17 17 Ebola 2015 – Treatment  Investigational medications include: Zmapp a combination of 3 monoclonal antibodies; Brincidofovir an antiviral for -CMV and Adenovirus  U.S.A. National Institutes of Health (NIH) reported interim data on phase I vaccine trial using a vesicular stomatitis virus which expresses Ebola surface glycoprotein

18 18 Anticoagulation 2015 From Bing Free Clip Arts

19 19 Anticoagulation 2015  Oral anticoagulation has been a remarkable success story in markedly decreasing the mortality in atrial fibrillation (AF) and embolic phenomenon  Key clinical conundrum is weighing the possible benefit of antithrombotic therapy versus the risk of bleeding in patients with atrial fibrillation

20 20 Anticoagulation 2015  Antithrombotic Therapy: antiplatelet Rx; as Aspirin and Clopidogrel and the anticoagulants such as Warfarin and the newer Target Specific Oral Anticoagulants (TSOACs)  Valvular AF has the greatest risk of systemic embolization and thus nearly ALL patients with valvular AF need anticoagulation

21 21 Anticoagulation 2015  Nonvalvular AF has a comparatively lower risk  Newer clinical guidelines minimize the use of Aspirin but it remains a viable options in selected situations  New oral anticoagulants have been introduced for patients with nonvalvular AF

22 22 Anticoagulation 2015  AF is often seen condition in practice with a patient's lifetime risk of 25% (Framingham Heart Study)  10% of those > 80 years of age  Also greater incidence of cardiovascular disease  Lifetime risk of developing AF is 25%

23 23 Anticoagulation 2015  Risk Prediction/Stratification Models CHAD CHA2DS VASc HAS-BLED

24 24 CHADS  Most widely applied, simple to use CHF HTN AGE > 75 DIABETES STROKE/THROMBOEMBOLISM

25 25 CHADS2  MAXIMUM SCORE = 9 CHF HTN AGE DIABETES STROKE VASCULAR DISEASE SEX

26 26 HAS BLED  Maximum Score 9: Should not be used to exclude, but identify high risk HTN Abnormal renal function (Cr > 2.6) or Liver function (LFT’s > 3X’s) Stroke Bleeding Labile INR Drugs (NSAIDS, alcohol, antiplatelet)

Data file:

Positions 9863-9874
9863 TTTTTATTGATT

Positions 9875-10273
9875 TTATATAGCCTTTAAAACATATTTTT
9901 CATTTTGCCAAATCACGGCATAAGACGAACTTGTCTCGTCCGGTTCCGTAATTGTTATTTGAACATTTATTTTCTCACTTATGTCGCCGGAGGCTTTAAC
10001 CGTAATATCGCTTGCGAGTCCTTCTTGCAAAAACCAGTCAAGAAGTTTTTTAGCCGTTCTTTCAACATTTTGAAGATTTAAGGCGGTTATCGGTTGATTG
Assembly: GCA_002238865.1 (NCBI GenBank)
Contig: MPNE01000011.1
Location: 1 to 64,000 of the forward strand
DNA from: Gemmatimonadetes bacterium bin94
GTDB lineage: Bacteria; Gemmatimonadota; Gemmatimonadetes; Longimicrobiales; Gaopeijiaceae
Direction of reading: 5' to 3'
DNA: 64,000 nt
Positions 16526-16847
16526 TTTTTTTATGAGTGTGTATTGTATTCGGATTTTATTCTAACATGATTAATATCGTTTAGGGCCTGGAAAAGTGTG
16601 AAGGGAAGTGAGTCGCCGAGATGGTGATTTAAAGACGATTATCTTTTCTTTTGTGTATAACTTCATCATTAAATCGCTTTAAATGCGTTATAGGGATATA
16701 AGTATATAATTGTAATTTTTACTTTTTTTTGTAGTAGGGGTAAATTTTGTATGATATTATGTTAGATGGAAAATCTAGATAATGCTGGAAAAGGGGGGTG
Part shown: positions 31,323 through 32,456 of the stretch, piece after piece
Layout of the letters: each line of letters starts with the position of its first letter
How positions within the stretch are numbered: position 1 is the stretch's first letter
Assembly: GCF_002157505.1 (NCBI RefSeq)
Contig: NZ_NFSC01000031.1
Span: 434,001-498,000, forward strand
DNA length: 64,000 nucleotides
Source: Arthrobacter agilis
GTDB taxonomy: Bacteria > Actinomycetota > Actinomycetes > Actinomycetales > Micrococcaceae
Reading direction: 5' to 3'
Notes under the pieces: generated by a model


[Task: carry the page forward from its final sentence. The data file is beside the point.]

27 27 Tanaka-Esposito & Chung. Selecting antithrombotic therapy for patients with atrial fibrillation. CLEVELAND CLINIC JOURNAL OF MEDICINE VOLUME 82 NUMBER 1 JANUARY 2015

28 28 Tanaka-Esposito & Chung. Selecting antithrombotic therapy for patients with atrial fibrillation. CLEVELAND CLINIC JOURNAL OF MEDICINE VOLUME 82 NUMBER 1 JANUARY 2015

29 29 Screening 2015

30 30 Screening 2015: Lung Cancer  Harm vs. Benefit —> shared decision making  Low dose Lung CT years of age 30-pack years currently smoking quit smoking 15 yrs.  National Lung Screening Trial => 20% reduction in Lung CA death

31 31 Screening 2015: Vitamin D Deficiency  Vitamin D via food and skin synthesis (UV) B exposure  Associations between low 25-hydroxyvitamin D levels in falls, cvd, colorectal cancer, diabetes, depressed mood, cognitive decline and death  No consensus on who high vitamin D should be and levels < 50nmol/mL better for bone health

32 32 Screening 2015: Vitamin D Deficiency

33 33 Screening 2015: Prostate Cancer  USPSTF: grade D recommendation  ACS: No PSA without dialogue with patient; start PSA at 50, African American at 45  AUA: No screening if average risk, screen q. 2 years  ACP: limited benefit of average risk, No screening 69 with Life expectancy >10 years  SHARED DECISION MAKING!!!

34 34 Screening 2015: Prostate Cancer  Remains highly controversial  “Dueling guidelines” on the use of PSA testing USPSTF ACS (American Cancer Society) ACP AUA (American Urological Association)

35 35 Summary  All Internists and the medical community should be knowledgeable about Ebola  Anticoagulation remains a impressive achievement given the Rx. with Warfarin and the TSOACS after careful risk stratification  Screening for Vitamin D, Lung CA and Prostate Cancer remain confusing but necessary in some patients

36 36 Thank You